30 June 2009

Matt & Kim

Pitchfork pointed me to Brooklyn's Matt & Kim. My first impression is they've got that Beat Happening DIY-thing going, but with infectious energy. And they make good videos. Here are a couple:

24 June 2009

Ed McMahon's Legacy

On a more tasteful, serious note, I bet Ed said "Here's Johnny" during the golden toilet scene. And the lawyers flushed that line. No, really.

Speaking of flushing, the price of gold is swirling down...

Tim Knight at the Slope of Hope convincingly made the technical argument for going short gold in several posts. Here's the post that caught my attention:

I {Heart} GLD Short

Sorry to keep harping on this - - particularly to those who belong to the First Church of Precious Metals, but I'm just ga-ga over shorting GLD right here. It's (a) a clean trend break; (b) a terrific failed pattern; (c) has a clean-as-a-whistle stop; (d) a great risk/reward ratio.

Unfortunately, Tim closed out his GLD short just as I piled into some puts. I think he may have pulled the trigger too soon. Let's look at some charts (click on 'em to make 'em large and legible):

A fundamental reason for gold to fall is deflation.

Here's an updated annotated chart with my trading plan:

12 June 2009

Innocence Mission on PRISM circa 1995

Below is the Innocence Mission's appearance on a PRISM show featuring performances from the Chameleon club in Lancaster, PA. The band had recently released Glow, my favorite record of theirs, so enjoy.

11 June 2009

Throwing Back the Apple

This is Pale Saints, a shoegaze band signed to 4AD Records during the late-80's and early-90's. "Throwing Back the Apple" appeared on their 1992 record, In Ribbons.

Looking at AAPL, if I were long, I wouldn't be throwing back the apple just yet:

10 June 2009

Golden Crosses

Bloomberg ran a premature piece yesterday by Julie Cruz on the golden cross. What is the golden cross? Here's an excerpt that explains the phenomenon:

The Standard & Poor’s 500 Index is approaching a so-called golden cross that’s considered a buy signal by analysts who make predictions based on patterns in price charts.

A golden cross occurs when the 50-day moving average, which is currently at 878.04 for the S&P 500, rises above the 200-day moving average, which is at 918.33, Bloomberg data show. The formation implies further gains for the stock market, according to this type of technical analysis.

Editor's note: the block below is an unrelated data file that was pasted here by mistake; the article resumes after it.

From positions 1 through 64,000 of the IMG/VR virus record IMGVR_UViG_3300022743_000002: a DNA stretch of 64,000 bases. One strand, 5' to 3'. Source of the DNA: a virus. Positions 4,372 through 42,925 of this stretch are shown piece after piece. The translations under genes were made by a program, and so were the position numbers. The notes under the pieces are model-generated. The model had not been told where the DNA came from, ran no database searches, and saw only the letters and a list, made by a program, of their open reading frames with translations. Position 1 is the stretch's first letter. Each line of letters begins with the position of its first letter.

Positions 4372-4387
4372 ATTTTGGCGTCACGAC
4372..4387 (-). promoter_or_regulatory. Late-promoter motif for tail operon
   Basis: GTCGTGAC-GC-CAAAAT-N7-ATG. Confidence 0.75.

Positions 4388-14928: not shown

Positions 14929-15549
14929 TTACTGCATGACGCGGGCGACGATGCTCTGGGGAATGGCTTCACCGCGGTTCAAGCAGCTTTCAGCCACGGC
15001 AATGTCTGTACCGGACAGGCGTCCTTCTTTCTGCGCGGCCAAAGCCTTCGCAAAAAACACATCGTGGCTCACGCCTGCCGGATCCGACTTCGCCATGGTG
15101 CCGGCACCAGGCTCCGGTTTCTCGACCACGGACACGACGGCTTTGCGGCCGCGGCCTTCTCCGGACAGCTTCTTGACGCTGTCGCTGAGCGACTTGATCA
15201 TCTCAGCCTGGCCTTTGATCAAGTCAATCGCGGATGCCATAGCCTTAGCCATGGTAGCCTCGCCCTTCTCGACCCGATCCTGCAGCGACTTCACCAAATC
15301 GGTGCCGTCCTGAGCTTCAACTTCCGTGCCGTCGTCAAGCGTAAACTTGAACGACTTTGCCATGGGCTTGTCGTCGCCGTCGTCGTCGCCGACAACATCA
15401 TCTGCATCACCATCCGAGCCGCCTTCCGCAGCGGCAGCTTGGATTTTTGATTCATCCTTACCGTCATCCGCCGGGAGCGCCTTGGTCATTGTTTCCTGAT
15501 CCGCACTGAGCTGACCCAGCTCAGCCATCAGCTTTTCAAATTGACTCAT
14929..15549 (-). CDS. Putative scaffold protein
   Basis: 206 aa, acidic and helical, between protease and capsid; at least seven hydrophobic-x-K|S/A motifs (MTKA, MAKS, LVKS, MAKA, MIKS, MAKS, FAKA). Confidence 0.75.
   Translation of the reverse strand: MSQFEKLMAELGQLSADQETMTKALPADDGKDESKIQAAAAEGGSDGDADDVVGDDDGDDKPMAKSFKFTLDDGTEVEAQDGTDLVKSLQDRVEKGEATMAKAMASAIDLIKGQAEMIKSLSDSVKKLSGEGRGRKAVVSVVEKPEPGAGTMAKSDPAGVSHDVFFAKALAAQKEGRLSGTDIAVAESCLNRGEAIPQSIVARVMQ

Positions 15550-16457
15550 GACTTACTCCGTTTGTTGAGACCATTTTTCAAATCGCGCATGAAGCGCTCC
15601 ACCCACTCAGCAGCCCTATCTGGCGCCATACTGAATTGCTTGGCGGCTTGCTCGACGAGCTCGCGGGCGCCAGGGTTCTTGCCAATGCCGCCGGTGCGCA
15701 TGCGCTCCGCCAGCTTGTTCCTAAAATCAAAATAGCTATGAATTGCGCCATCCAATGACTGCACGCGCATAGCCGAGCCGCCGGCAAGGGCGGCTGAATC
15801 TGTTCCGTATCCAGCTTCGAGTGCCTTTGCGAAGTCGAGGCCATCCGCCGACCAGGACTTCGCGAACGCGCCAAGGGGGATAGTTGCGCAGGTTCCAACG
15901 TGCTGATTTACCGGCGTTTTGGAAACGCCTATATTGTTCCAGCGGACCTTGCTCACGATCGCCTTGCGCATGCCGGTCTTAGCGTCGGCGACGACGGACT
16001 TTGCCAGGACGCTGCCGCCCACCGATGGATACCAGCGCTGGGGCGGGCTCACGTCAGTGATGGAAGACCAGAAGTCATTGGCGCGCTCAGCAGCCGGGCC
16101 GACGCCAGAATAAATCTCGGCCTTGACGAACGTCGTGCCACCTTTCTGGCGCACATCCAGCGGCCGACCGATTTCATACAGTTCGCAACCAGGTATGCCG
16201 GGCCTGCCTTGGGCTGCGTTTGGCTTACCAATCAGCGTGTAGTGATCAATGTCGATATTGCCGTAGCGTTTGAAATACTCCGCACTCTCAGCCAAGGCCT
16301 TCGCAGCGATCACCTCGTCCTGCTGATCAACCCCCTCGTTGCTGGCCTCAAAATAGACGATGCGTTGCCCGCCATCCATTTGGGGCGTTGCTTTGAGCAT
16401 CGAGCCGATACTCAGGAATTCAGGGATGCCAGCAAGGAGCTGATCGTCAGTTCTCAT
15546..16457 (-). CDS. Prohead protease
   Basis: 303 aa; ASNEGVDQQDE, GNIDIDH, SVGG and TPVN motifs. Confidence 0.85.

“If the S&P can hold above its 200-day moving average, the potential for a golden cross increases,” Mary Ann Bartels and Stephen Suttmeier, technical analysts at Bank of America Corp., wrote in a report to clients yesterday.

The U.S. benchmark index’s 50-day moving average has been below the 200-day moving average since December 2007. The 40-day moving average already went above the 150-day moving average in May this year, forming a so-called silver cross, according to Bank of America.

As much as I enjoy playing with technical analysis, I find I'm still quite skeptical of its reliability and predictive capabilities. So I fired up charts of the S&P 500 since 1980 and picked out the twelve golden crosses over the past 30 years.

I have attached and annotated those twelve golden crosses in charts below. I have marked the date of the golden cross with a purple vertical line, the next day's open price with a red/green line, and charted the next six months-or-so to see if the trade was profitable or not. Please click on the image to make it large and legible.

Before considering the success rate of buying the index at the open following the golden cross event, one should note one significant caveat: the bull market of 1982-1999 encompasses nine of the twelve S&P 500 golden crosses since 1980. That means there's already a positive bias on these results. However, the most recent three golden cross trades were post-1999, and were all very profitable.

Taking into account upwards of a six-month holding period for the trade, my quick-and-dirty analysis says that golden cross trades numbered 1, 3, 8, 9, 10, and 12 provided excellent returns. Trades numbered 6 and 11 provided good returns. Trades 2 and 5 had their moments but were mediocre. And trades 4 and 7 were craptastic.

From this admittedly small sample size, the golden cross S&P 500 trade looks pretty good, but with a one-in-six chance for craptastic results, is far from foolproof. Golden crosses can engender golden blunders.

04 June 2009

03 June 2009

Health Net's Fit Chart

Over in the comments at Slope of Hope, Health Net (HNT) was mentioned as having a technician's dream chart.

I've annotated HNT's chart above. I question how dreamy it is, given the overhead resistance about $2.50 north of today's close. And speaking of today's close of $15.27, after hours trading brought HNT's price down to $14.90. So HNT has that going for it.